Thursday, May 14, 2009

The unbearable lightness of international research law

I am on a number of bioethics and research ethics listservs, mailing lists and have set up a couple of google alerts. This means that I tend to get news of everything bioethical that has been freshly posted on the web at least three times. When something comes out in a major journal, then this number increases. So when George Annas' piece on the globalization of clinical trials and informed consent appeared in the New England Journal of Medicine this week, I had my hands full: even friends had sent copies or links.

The title of Annas' piece was inviting, but after reading it (twice) I felt a bit deflated. Annas starts by remarking that the situation of a decade ago, well-publicized concerns were raised about the ethics of medical research in developing countries, and these concerns have not gone away. However, he goes on to write the controversial case of pharmaceutical giant Pfizer in Nigeria has dredged up some legal opinions that might, in the future, have enough bite to provide protections for participants in international research.

To be more specific, Pfizer is accused of conducting medical research in 1996 in Nigeria involving children, where informed consent was not properly (or at all) obtained from the parents, and according to families involved, some of the children were rendered blind, deaf, paralyzed, brain-damaged or dead. In January 2009, the US Court of Appeals for the Second Circuit reversed a prior trial decision that dismissed a lawsuit against Pfizer. What matters, according to Annas, is the basis of the Second Circuit's reversal: the court's arguments implied that getting informed consent from research participants (or proxy decision-makers) constitutes a norm of customary international law, and on this point the court relied on the Nuremberg Code, the International Covenant on Civil and Political Rights, the Declaration of Helsinki and CIOMS. Moral of the story: if you conduct medical experiments without consent (anywhere and including in developing countries), then you stand a chance of being sued in courts around the world for violating an international human rights norm.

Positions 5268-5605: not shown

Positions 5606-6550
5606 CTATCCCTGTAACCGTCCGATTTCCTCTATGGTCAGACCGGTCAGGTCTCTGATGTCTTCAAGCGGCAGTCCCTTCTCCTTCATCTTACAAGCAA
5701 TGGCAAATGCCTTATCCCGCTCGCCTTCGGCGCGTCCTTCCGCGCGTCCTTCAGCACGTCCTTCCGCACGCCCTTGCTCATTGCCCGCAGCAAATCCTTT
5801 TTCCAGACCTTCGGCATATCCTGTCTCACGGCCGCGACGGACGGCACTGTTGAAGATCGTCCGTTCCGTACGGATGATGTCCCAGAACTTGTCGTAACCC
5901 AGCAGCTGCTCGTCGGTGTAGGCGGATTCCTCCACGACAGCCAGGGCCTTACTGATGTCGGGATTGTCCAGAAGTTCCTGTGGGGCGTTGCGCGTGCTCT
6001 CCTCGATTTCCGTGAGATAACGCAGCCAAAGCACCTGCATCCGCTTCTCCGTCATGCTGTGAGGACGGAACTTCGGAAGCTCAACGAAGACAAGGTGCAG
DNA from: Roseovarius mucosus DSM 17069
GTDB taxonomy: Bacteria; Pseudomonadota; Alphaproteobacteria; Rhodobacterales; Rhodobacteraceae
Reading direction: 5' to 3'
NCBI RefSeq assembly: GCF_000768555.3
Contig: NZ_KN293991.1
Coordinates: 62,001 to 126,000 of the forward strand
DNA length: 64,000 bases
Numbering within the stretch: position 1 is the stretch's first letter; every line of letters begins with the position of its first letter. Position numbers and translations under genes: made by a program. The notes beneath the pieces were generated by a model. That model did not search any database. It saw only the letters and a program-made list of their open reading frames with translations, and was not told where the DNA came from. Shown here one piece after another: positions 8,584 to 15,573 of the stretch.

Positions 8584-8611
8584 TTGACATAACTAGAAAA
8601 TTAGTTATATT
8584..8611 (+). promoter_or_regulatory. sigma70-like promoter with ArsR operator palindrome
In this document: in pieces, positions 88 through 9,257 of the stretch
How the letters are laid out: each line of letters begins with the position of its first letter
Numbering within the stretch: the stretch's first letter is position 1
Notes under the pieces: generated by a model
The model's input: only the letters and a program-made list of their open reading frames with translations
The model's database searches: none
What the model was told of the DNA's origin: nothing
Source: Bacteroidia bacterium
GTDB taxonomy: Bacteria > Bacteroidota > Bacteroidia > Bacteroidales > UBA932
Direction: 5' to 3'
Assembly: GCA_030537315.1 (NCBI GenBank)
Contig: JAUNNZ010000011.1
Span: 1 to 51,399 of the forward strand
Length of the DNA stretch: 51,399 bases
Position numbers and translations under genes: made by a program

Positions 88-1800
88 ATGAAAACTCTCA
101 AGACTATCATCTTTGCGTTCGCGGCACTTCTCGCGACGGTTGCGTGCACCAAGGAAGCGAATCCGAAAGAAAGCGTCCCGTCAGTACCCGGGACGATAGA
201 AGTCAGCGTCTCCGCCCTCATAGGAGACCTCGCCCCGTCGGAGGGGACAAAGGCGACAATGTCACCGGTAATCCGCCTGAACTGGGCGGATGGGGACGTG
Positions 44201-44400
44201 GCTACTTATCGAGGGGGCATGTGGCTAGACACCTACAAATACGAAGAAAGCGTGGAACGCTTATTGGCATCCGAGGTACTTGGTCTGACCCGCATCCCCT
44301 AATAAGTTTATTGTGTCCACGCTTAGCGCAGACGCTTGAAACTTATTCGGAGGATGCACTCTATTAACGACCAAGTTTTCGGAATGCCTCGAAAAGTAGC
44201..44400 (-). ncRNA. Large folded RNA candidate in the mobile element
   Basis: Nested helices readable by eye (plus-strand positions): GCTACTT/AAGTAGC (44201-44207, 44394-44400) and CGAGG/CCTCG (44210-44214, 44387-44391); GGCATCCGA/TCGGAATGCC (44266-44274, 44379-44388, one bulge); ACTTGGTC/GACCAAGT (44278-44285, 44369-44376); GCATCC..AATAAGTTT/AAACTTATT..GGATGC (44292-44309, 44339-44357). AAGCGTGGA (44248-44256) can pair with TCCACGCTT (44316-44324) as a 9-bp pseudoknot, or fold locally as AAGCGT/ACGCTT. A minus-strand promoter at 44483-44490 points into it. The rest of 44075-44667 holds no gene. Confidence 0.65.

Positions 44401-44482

Maybe. The Pfizer court case has not been tried, so it is not clear yet whether the Second Circuit will actually decide the case in terms of international human rights law -- so far, they have only created the possibility for making such a judgment. And this comes at a time when international (human rights) laws are not exactly striking fear in the hearts of the ruthless. There is the torture question. There is the illegal invasion question. Since World War II, many international codes have been floating around, some have been made law in some countries and used in some international tribunals, but the question is open whether these developments have made a real dent in the abuse of the weak by the powerful. Someone should research the track record. Because if unconsented medical research can only be deterred by means of a (new) international human rights norm that might (more than a decade later) be applied, and that is supposed to provide substantial protections for research participants in developing countries, then the world is in far worse shape than I thought.


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